What We Are Missing in the Trans-vaginal Ultrasound Debate

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After some of the hysteria generated on here, I am posting a more reasoned, sober and rational article on the issues involved.


by Tracy Weitz, Advancing New Standards in Reproductive Health (ANSIRH)
March 1, 2013 - 8:57 am

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Everyone please step away from the ledge. The public discourse about mandated trans-vaginal ultrasounds for abortion patients is completely out of control—among both abortion rights opponents and abortion rights supporters. The facts are slim and distorted on all sides. It is time for a more thoughtful discussion on the issue.

Let’s start with reviewing what these new laws usually require. The laws are often based on model legislation developed by American’s United for Life (AUL), a law and policy advocacy organization that seeks “legal protection for human life from conception to natural death.” The laws mandate that abortion providers must let women view a real-time ultrasound image of their fetus prior to consenting to an abortion. That image must be as good as technology will allow and the doctor, who is the same doctor who will subsequently perform the abortion, must perform the ultrasound, describe the image to the woman in detail, and let her listen to the fetal heart. All this must occur at least 24 hours prior to the abortion. Because trans-vaginal ultrasounds provide higher quality images at earlier gestational stages, these laws by definition require abortion providers to perform trans-vaginal ultrasounds. Generally, women are not allowed to opt out of these requirements, although there are now a few very limited exceptions in some state laws.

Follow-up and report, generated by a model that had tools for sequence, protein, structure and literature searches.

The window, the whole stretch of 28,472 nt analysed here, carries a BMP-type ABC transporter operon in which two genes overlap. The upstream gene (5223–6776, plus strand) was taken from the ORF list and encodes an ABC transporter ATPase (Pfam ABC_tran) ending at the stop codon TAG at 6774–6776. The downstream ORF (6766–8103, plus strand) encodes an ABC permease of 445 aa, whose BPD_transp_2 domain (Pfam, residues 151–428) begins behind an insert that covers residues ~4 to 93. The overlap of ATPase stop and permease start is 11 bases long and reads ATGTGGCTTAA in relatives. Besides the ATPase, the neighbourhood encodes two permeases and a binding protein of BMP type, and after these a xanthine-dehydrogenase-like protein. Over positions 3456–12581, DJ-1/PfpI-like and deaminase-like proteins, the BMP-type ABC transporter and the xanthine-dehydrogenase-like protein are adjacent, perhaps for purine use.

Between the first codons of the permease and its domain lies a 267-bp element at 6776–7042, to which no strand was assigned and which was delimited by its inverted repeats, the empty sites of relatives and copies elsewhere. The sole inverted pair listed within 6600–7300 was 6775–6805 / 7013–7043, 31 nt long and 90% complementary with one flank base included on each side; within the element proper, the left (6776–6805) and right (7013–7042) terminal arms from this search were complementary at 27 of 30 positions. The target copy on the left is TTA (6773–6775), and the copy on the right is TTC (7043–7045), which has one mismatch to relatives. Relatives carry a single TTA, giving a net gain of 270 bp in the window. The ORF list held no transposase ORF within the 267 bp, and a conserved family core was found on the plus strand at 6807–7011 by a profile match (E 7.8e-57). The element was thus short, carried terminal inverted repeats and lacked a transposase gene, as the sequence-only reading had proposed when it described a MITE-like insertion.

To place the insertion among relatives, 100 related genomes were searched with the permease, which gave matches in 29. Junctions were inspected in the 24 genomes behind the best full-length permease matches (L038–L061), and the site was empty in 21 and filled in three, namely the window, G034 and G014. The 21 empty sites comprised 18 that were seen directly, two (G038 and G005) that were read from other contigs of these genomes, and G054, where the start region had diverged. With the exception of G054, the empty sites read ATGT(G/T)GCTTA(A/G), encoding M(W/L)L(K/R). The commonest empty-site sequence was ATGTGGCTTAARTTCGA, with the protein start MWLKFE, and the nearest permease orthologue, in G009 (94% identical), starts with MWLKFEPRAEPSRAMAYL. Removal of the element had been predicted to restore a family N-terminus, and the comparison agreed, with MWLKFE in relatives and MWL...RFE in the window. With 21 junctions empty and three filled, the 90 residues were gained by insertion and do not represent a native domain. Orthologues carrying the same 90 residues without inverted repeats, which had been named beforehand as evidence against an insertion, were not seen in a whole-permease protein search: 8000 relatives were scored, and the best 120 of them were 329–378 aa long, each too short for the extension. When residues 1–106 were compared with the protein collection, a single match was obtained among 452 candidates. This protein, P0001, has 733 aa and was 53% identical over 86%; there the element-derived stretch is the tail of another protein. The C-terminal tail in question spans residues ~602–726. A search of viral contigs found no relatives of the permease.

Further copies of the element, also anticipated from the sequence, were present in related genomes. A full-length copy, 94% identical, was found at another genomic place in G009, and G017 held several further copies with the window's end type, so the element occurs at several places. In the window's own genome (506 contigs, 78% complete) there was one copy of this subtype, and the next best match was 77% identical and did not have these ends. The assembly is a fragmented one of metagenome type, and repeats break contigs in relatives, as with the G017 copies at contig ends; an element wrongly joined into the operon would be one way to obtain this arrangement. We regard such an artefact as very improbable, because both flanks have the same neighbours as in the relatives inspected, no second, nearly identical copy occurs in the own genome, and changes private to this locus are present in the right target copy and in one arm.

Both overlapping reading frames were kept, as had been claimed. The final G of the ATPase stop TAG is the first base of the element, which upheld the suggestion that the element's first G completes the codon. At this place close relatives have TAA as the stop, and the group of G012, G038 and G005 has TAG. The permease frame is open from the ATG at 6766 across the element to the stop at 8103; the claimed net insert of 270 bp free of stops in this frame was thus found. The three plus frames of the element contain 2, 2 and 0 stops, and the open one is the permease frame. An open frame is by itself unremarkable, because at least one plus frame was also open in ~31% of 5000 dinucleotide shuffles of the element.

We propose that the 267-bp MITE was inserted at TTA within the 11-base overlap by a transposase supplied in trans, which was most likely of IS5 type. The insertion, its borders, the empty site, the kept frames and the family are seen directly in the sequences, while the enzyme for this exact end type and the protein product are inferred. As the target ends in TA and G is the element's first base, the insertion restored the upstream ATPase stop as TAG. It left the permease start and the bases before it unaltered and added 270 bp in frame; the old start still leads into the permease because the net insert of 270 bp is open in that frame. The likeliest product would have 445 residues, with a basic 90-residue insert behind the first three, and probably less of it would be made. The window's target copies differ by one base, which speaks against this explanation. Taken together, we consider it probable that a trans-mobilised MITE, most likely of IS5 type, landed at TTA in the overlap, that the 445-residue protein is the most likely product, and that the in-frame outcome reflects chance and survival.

Because the idea of sticking a probe in a woman’s vagina against her will is appalling to the general listener, abortion rights supporters have focused on this single aspect of the laws as a way to generate public outrage. Advocates refer to the required ultrasounds with phrases such as “medical rape.” The problem is that the indignation generated is almost exclusively focused on the mandatory nature of the probe—not on what is actually wrong with the law.

To step back, the stated purpose of the ultrasound laws is to give a woman information about her pregnancy that might persuade her to opt against having an abortion. AUL explains the logic: “Medical evidence indicates that women feel bonded to their children after seeing them on the ultrasound screen. Once that bond is established, researchers argue, a woman no longer feels ambivalent toward her pregnancy and actually begins to feel invested in her unborn child.” In all the high-pitched hype about “medical rape,” no one is critiquing this stated justification for the laws. And there is much to critique.